Against the sweep of layoffs on Corporate America, a few companies have taken pains to explain efforts to keep employees on their rolls. The latest, FedEx, announced a series a steps to “minimize job loss” while slashing costs.
The package delivery and logistics giant, noting that it is facing “some of the worst economic conditions in the company’s 35-year operating history,” said it has cut base salaries for a wide number of individuals. The cuts start with CEO Frederick W. Smith, who is taking a 20 percent reduction, while other senior executives will see their salaries reduced by 7.5 percent to 10 percent.
The company has also instituted a 5-percent reduction for remaining U.S. salaried exempt personnel.
Employees will feel other pain, including the elimination of calendar 2009 merit-based salary increases for U.S. salaried exempt personnel and the suspension of 401(k) company matching contributions for a minimum of one year, effective Feb. 1.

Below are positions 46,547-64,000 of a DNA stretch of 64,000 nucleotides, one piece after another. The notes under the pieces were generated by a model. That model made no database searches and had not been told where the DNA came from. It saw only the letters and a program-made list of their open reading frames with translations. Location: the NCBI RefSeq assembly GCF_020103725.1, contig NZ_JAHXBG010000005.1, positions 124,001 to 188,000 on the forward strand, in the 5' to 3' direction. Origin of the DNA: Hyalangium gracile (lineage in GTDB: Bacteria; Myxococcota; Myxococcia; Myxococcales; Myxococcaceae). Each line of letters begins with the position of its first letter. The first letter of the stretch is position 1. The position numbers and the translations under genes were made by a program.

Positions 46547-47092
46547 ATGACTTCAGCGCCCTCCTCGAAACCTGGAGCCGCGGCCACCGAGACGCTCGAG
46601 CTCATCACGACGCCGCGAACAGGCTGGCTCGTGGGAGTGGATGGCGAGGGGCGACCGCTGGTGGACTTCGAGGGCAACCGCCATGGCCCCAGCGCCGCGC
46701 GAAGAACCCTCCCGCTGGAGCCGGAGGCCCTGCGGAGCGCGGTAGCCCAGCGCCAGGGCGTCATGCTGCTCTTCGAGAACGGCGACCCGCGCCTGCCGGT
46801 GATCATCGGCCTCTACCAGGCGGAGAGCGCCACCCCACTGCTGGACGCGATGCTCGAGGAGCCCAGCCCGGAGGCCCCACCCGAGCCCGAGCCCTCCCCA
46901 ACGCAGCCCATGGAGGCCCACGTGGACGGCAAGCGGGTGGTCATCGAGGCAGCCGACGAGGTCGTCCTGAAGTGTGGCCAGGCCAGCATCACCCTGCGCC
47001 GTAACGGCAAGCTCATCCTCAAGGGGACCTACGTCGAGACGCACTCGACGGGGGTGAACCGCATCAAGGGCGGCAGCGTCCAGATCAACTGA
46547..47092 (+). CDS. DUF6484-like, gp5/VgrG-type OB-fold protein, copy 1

FedEx, in also reporting a 3-percent second-quarter profit increase, said these additional actions are expected to reduce expenses by $200 million during the remainder of fiscal 2009 and about $600 million in fiscal 2010. “In addition to these actions, each operating company is evaluating other measures should business conditions further deteriorate,” it added.
Earlier, the company already had eliminated variable compensation payouts and instituted a hiring freeze and other labor-related expense reductions. It also had cut personnel at FedEx Freight and FedEx Office previously.
Among other companies to favor pay cuts over layoffs, flat-rolled steelmaker AK Steel earlier this month announced a salaried employee cost reduction program that will install a 5 percent pay reduction for salaried workers effective Jan. 1. The company cited the unanticipated and major downturn in the economy, which has resulted in sharply lower demand for some of the company’s products.
It said that the pay reduction will affect all salaried employees, including the company’s CEO and all executive officers.
AK Steel said that it plans to implement other salaried workforce cost reductions, including freezing the defined-benefit plan for salaried employees and replacing it with a defined contribution retirement benefit, and offering temporary incentives for voluntary retirements. The temporary retirement incentive program will end on Feb. 6, 2009. That company, which currently has about 1,500 salaried employees, also said that it could not rule out the need for involuntary salaried job reductions if the pay reduction and voluntary retirements do not produce adequate cost savings.